Once out of Dushanbe, there is not much to spend your money on other than drinks and snacks, and generally these are very cheap. A budget of around £10 per day will easily cover these.
Travel in Tajikistan and Kyrgyzstan is generally safe. The crime rate is low and there is little traffic on the roads.
The main risks that you should be aware of are:
In the Pamirs, we will be above 4,000m for more than a week, so there is the risk of altitude sickness. However, we will be climbing to this height relatively slowly, over a number of days, which will allow for good acclimatisation. Even with good acclimatisation you can expect to feel some of the effects of altitude, such as headaches, loss of appetite and insomnia.
In the Pyanj valley there are a number of minefields alongside the road. These are clearly marked and as long as you stay on the road there is no risk. The leader will brief you before entering this area.
Road conditions in Tajikistan are generally poor and road protection, e.g. crash barriers and the like, do not meet western standards. Care is needed on some stretches, particularly the steep descents. We recommend you bring a helmet.
A high proportion of Afghan opium crop is smuggled through Tajikistan en-route to Russia and Europe. This illegal activity has little impact on the tourist, but it means that there is a heavy security presence in the Pyanj valley, including numerous checkpoints and the occasional search.
Visitors can expect every kind of weather in Tajikistan. In summer, the valley bottoms are very warm, with temperatures rising into the high 30s. In the mountains most of the time it is pleasantly warm and sunny, but severe sleet, snow and hail storms are not unusual. At night temperatures in the mountains can fall well below freezing.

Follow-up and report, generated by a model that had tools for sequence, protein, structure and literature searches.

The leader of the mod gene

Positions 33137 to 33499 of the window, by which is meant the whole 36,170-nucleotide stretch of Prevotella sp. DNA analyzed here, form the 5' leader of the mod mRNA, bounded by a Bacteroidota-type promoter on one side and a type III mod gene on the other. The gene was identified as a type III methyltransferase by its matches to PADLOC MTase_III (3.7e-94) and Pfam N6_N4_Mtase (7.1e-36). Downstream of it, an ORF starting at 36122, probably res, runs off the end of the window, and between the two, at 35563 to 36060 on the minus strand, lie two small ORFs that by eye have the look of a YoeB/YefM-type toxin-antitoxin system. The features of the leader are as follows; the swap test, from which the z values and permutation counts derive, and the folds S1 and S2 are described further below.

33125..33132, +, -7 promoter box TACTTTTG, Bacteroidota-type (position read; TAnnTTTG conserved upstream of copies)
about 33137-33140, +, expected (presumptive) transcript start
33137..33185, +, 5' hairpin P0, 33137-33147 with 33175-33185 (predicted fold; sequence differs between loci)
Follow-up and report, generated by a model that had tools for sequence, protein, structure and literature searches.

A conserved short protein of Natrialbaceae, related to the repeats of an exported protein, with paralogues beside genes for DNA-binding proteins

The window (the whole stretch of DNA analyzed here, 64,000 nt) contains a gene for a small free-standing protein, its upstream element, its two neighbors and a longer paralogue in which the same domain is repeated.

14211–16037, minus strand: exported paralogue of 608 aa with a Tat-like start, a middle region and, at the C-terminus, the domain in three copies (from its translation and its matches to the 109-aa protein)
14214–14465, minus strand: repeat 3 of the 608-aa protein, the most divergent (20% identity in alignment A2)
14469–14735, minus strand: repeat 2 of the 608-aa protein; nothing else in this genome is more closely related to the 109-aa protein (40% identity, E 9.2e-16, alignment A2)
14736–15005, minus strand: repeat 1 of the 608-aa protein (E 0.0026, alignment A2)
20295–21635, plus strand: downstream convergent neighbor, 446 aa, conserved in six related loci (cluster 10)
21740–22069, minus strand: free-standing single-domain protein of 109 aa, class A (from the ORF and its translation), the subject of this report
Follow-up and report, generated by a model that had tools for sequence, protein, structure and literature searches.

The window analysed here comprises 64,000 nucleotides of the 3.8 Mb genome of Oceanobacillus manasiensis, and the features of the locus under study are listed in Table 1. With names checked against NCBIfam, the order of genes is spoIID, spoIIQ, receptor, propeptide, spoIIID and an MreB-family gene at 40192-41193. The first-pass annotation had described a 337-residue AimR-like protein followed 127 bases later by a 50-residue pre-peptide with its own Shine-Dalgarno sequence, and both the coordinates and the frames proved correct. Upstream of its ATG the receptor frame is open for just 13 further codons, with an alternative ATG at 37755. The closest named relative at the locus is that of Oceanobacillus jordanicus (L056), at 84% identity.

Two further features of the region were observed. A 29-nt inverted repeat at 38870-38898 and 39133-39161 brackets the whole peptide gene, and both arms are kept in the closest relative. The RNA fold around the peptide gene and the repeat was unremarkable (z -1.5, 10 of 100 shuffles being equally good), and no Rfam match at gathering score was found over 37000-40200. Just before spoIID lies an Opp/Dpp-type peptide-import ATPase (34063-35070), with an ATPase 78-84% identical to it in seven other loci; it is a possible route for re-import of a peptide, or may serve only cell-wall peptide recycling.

Tajikistan is primarily an Islamic country. Around 80% of the population are Sunni Muslims, however, in Badakhshan (the route of the Pamir Highway) most are Ismailis, whose spiritual leader is the Aga Khan. In general, the country carries its religion lightly. Dress is predominantly western and there are no requirements for women to cover their heads. However, dressing conservatively will ensure you don't offend local sensitivities.
There is still a strong Russian influence in the country. A significant minority of the population is descended from Russian settlers and a good proportion of young people leave the country to find work in Russia.
Tajik, the official language, is Persian in origin, closely related to Dari, Pashto and Farsi. Learning a few words of Tajik will go down well with the locals. Russian is widely spoken and, if you want to converse with the locals and get by in shops and cafes, it is probably a better bet than Tajik. English is becoming more popular, but at present very few people can speak it. Lonely Planet publish handy sized Russian and Central Asian phrase books.
Currency Somoni (TJS)
Area total: 143,100 km2
water: 400 km2
land: 142,700 km2
Population 7,211,884 (July 2008 est.)
Language Tajik, Russian
Religion Sunni Muslim 85%, Shi'a Muslim 5%, Other 10%
Electricity 220 V, 50 Hz
Calling Code +992
Internet TLD .tj
Time Zone UTC +5